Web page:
Thomas Wayne represents the idea of a Batman without the firm moral code of Bruce but who still falls on the side of good. Unlike other gun-wielding versions of Batman, such as the Grim Knight, Thomas strikes a balance between using lethal force and abandoning justice (for the most part). In the Flashpoint version of Gotham, the city’s dark protector allowed the Wayne fortune to become disgraced, as his name was plastered over casinos and the like. Thomas Wayne’s world came to resemble a world more like Watchmen than the normal Gotham. The city has always been a darker, Gothic location, but just about everything in the world of Flashpoint was worse.

Tom King’s Batman run featured Thomas getting pulled into Prime Earth by Eobard Thawne, who wanted him to suffer through a world where Bruce was Batman. In Thawne’s eyes, and in the mind of Thomas, this was the worst fate for the son. Rather than seeing his son happy and successful, Bruce was locked into a never-ending war on crime based on grief. Thomas Wayne set about planning the ultimate strategy to get Bruce to hang up his cape and cowl and retire, even enlisting the help of Bane and Catwoman. This story and its flashbacks showed just how great of a strategist Thomas was, and how he had manipulated many of the events of the series from the shadows. Very few characters have been able to outwit Bruce, but this run proved Thomas has a formidable intellect. Of course, in the finale, Bruce and Catwoman teamed up and defeated Thomas Wayne.

Although Thomas Wayne’s Batman lapsed into villainy during Tom King’s Batman run, he was motivated by a twisted sense of what was best for Bruce, no matter the cost. After he sought redemption in the aftermath, he joined Calvin Ellis and his Justice League Incarnate. Along with the likes of Dino-Cop, Thunderer, and Captain Carrot, the multiversal Batman and Superman fought to rescue Barry Allen and save the multiverse from the Great Darkness and Darkseid. When he finally encountered the Great Darkness, the force tragically took Thomas, leaving Darkseid to erase his existence as the only solution.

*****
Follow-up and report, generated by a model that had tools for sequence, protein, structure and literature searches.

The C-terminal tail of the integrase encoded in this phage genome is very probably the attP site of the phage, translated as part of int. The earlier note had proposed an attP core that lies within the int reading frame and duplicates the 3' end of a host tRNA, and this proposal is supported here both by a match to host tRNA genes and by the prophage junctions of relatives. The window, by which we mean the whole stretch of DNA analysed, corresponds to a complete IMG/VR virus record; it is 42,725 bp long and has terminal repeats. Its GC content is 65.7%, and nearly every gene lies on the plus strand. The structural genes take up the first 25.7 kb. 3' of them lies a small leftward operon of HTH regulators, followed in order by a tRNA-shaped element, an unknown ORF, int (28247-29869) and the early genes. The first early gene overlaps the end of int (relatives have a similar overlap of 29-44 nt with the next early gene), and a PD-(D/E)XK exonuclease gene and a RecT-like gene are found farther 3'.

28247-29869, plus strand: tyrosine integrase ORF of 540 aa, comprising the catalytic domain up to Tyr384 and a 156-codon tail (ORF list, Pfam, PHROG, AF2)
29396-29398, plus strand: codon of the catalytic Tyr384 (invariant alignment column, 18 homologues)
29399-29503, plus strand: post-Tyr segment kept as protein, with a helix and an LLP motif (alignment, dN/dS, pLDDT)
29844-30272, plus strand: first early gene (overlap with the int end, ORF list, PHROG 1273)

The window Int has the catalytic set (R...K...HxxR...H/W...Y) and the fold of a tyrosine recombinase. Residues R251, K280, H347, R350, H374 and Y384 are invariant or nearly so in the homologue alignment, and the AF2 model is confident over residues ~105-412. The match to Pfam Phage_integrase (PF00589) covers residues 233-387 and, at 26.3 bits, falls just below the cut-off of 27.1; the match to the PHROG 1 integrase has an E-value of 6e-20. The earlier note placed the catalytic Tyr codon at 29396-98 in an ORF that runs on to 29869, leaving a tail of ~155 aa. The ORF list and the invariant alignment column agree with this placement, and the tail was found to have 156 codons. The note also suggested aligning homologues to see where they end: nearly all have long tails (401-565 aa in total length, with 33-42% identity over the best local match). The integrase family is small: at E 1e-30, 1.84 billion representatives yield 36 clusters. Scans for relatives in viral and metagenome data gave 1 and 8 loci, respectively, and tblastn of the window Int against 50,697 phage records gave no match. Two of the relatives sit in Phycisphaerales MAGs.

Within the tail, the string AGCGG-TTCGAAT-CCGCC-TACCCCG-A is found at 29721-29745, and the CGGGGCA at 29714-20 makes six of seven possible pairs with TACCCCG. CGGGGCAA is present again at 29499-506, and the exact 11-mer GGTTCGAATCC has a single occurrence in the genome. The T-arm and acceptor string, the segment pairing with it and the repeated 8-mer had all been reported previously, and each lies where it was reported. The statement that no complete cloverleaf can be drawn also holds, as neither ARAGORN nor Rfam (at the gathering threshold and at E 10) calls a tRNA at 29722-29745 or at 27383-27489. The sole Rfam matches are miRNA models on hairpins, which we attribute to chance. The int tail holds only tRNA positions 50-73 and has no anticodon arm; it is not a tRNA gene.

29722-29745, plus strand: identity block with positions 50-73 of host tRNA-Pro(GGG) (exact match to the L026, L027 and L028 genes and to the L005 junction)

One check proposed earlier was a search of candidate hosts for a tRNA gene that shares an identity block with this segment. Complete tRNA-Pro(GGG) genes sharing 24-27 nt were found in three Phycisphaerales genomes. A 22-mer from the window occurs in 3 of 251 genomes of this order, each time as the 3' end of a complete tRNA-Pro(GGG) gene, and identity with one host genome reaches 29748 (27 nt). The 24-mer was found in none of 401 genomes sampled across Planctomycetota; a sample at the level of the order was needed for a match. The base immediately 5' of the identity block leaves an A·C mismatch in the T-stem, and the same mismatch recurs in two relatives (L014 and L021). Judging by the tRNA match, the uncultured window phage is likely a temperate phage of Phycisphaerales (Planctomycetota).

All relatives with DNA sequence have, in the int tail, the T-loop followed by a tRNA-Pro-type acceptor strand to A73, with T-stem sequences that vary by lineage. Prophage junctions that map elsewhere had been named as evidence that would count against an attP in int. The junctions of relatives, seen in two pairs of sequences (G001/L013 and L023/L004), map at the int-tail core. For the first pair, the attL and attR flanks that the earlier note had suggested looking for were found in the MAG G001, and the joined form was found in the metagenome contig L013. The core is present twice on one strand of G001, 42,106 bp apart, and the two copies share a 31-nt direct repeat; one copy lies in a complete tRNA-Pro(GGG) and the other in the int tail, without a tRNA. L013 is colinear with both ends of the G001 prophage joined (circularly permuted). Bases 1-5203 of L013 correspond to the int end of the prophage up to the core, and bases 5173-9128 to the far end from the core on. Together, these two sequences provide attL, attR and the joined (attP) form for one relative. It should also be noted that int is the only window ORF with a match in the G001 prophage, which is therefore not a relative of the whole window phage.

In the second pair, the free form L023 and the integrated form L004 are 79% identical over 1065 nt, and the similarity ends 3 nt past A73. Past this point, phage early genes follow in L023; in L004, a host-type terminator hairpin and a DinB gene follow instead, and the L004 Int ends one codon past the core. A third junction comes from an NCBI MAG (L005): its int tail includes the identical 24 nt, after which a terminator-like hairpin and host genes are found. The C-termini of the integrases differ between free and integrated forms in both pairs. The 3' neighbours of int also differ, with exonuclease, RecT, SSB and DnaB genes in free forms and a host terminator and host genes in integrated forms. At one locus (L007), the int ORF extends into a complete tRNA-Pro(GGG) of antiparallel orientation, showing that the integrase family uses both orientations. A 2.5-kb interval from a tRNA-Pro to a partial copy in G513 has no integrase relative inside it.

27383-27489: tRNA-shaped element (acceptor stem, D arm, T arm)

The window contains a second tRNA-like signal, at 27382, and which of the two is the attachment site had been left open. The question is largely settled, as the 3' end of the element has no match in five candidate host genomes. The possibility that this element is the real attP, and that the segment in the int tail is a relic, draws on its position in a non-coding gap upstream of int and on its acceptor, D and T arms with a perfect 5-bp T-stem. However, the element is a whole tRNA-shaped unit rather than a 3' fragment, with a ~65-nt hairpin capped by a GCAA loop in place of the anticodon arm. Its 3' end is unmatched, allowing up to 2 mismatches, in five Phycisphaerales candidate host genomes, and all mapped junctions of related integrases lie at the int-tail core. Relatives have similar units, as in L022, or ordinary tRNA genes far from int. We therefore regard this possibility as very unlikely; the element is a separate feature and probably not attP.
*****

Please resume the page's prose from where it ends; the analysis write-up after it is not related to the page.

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Flashpoint Beyond Is Thomas Wayne’s Best Story

Flashpoint Beyond deserves recognition not just for being the best Thomas Wayne story, but one of the best Batman stories of all time. It’s here that Thomas really became competitive with Bruce when it comes to being a good Batman. The story followed the hero’s return to his old timeline after someone retraced Barry Allen’s steps and recreated the Flashpoint universe, landing Thomas in the middle of it. Here, in a world where nothing ultimately mattered to Thomas, he set out on a quest to figure out who killed his world’s Barry Allen before he could become the Flash. His mission took him around the world, from a confrontation with Aquaman to facing off against his world’s Super-Man.